Charles Kennedy's cautious rebellion

Lib Dem wary of large cuts but says he's not interested in being "an irritant".

Since the silly season rumours of his imminent defection to Labour, we haven't heard much from Charles Kennedy. But the former Lib Dem leader has re-emerged in time for the conference season, giving a rare interview to BBC Scotland.

Asked for his thoughts on the coming cuts, Kennedy declared that it was important not to "throw the baby out with the bath water" and spoke of the need for "enlightened" investment and expenditure. But it looks like those hoping for a full-frontal rebellion from the Scot will be disappointed.

Having previously lamented that the coalition agreement wrecked the possibility of a centre-left realignment, he now insists that the Lib Dems "must make a success of it" and that he's not "interested in being an irritant or sniping from the sidelines".

With Bob Russell raging against George Osborne's "unethical" benefits cuts and Simon Hughes declaring that a progressive alliance is still "on the agenda", Kennedy's criticisms no longer seem as strident as they once did. The former Lib Dem leader is clearly playing the long game.

 

George Eaton is political editor of the New Statesman.

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Who will win the Copeland by-election?

Labour face a tricky task in holding onto the seat. 

Too close to call, neck-and-neck, down to the wire. Pick your cliché for a close-run thing, and that’s what the parties are saying about Copeland.

No governing party has won a seat in a by-election since 1982, and the seat has been Labour-held since 1935, but the circumstances could scarcely be more favourable to the Conservative Party. They are well ahead in the opinion polls and Labour’s electoral coalition is badly split over Brexit.

To add to the discomfort, Jeremy Corbyn, the Labour leader, has a long history of opposing nuclear power, though he has sounded a more supportive note since becoming leader. Sellafield is the main employer there, so regardless of the national picture, that would be an added complication.

Given the competing pressures from the Liberal Democrats on one side and the Conservatives and Ukip on the other, Labour should expect significant erosion in the 42 per cent of the vote they got in 2015. To win, all the Conservatives have to do is tread water. And it's worth noting that so far in this parliament, the results in by-elections have been what you'd expect according to the current state of the parties in the polls - which would mean you'd back Labour to win Stoke but the Tories to win Coepland. 

That Theresa May has visited the seat attests to the closeness. Privately, neither party can be confident of winning. For the Conservatives, that makes it worth putting Theresa May, currently the most popular politician in Britain if the polls are to be believed, into the fray, because what have they got to lose? For the Labour leadership, there is nothing to "win" if they hold a seat in opposition, but there is something to lose if they cannot hold it and Corbyn has visited in the final week.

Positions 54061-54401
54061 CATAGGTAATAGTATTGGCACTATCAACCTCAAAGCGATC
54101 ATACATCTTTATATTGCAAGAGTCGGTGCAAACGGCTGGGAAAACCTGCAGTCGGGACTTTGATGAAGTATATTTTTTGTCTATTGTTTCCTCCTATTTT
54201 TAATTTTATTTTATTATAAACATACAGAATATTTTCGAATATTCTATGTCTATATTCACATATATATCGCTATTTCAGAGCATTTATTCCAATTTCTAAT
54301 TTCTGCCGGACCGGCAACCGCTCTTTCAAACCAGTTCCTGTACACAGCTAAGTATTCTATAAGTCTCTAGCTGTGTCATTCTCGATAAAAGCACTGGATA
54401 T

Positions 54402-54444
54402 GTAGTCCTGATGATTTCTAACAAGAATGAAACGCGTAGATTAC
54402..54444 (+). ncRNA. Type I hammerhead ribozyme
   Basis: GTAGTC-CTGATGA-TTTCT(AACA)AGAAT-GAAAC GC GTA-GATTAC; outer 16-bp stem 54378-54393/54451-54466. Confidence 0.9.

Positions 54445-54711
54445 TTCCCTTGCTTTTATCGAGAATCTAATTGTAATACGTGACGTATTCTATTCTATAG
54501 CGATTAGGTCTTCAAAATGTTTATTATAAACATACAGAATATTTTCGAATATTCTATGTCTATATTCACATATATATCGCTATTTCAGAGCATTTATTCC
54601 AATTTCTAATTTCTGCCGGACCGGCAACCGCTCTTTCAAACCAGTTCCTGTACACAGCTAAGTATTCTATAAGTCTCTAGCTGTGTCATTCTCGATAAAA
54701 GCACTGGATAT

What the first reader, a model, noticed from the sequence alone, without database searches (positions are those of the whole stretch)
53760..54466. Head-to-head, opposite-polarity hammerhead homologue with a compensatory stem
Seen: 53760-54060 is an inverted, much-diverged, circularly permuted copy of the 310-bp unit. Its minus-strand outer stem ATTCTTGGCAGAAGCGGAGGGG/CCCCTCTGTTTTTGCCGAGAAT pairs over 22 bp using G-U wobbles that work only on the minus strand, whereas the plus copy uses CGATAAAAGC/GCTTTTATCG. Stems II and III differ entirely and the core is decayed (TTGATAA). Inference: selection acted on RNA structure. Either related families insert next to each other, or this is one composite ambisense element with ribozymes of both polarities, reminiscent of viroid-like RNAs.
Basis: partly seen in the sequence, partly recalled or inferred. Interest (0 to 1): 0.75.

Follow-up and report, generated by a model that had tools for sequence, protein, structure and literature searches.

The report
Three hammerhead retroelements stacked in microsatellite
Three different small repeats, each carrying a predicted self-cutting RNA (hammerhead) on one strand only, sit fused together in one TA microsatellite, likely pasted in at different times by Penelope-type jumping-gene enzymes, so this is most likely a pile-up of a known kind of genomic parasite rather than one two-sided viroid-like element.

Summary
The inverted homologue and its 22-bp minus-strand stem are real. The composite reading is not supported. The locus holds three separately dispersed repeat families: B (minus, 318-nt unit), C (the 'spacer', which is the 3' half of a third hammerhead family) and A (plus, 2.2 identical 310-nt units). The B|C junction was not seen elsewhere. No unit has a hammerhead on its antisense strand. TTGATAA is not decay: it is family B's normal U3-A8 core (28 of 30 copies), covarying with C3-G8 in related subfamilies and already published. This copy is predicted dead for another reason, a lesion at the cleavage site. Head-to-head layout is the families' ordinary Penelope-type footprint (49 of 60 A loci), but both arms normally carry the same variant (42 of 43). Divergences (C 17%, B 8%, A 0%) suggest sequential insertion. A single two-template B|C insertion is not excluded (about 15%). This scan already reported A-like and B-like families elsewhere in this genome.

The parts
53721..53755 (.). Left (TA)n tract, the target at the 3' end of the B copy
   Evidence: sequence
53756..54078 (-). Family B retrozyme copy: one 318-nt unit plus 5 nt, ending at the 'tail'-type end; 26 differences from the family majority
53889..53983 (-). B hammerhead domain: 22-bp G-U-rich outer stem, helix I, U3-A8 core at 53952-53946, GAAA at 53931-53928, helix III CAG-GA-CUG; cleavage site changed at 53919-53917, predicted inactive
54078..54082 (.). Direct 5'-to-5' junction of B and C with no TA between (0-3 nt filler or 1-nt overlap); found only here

What is keeping Labour competitive is the state of the health service in Cumbria. If West Cumberland, the hospital, is closed, then residents will face a two hour drive to the nearest hospital.

The local “success regime” is the cause of significant public opposition. "There are a lot of people who are angry about Jeremy, angry about Trident [the submarines are made nearby]," says one MP, "But they also understand that if they vote Labour they will not be bringing in a government that closes Sellafield but they can send a message about West Cumberland [the hospital that is under threat of closure]."

So Labour have reason to be more cheerful than the bookmakers are concerned. The outcome will come down to what the question that voters are asking when they vote is: if it is nuclear power, the Tories will win. If it is healthcare, Labour will triumph.

In that, May’s visit has probably helped Labour on balance. She could have decisively shifted the contest by making a commitment to keep West Cumberland open and to secure the future of the Moorside nuclear plant. But she did neither, and instead that meant that the local newspaper splashed on her refusal to confirm that the hospital was safe. Which, in a close election, may well be the difference as far as winning and losing are concerned. 

Stephen Bush is special correspondent at the New Statesman. His daily briefing, Morning Call, provides a quick and essential guide to British politics.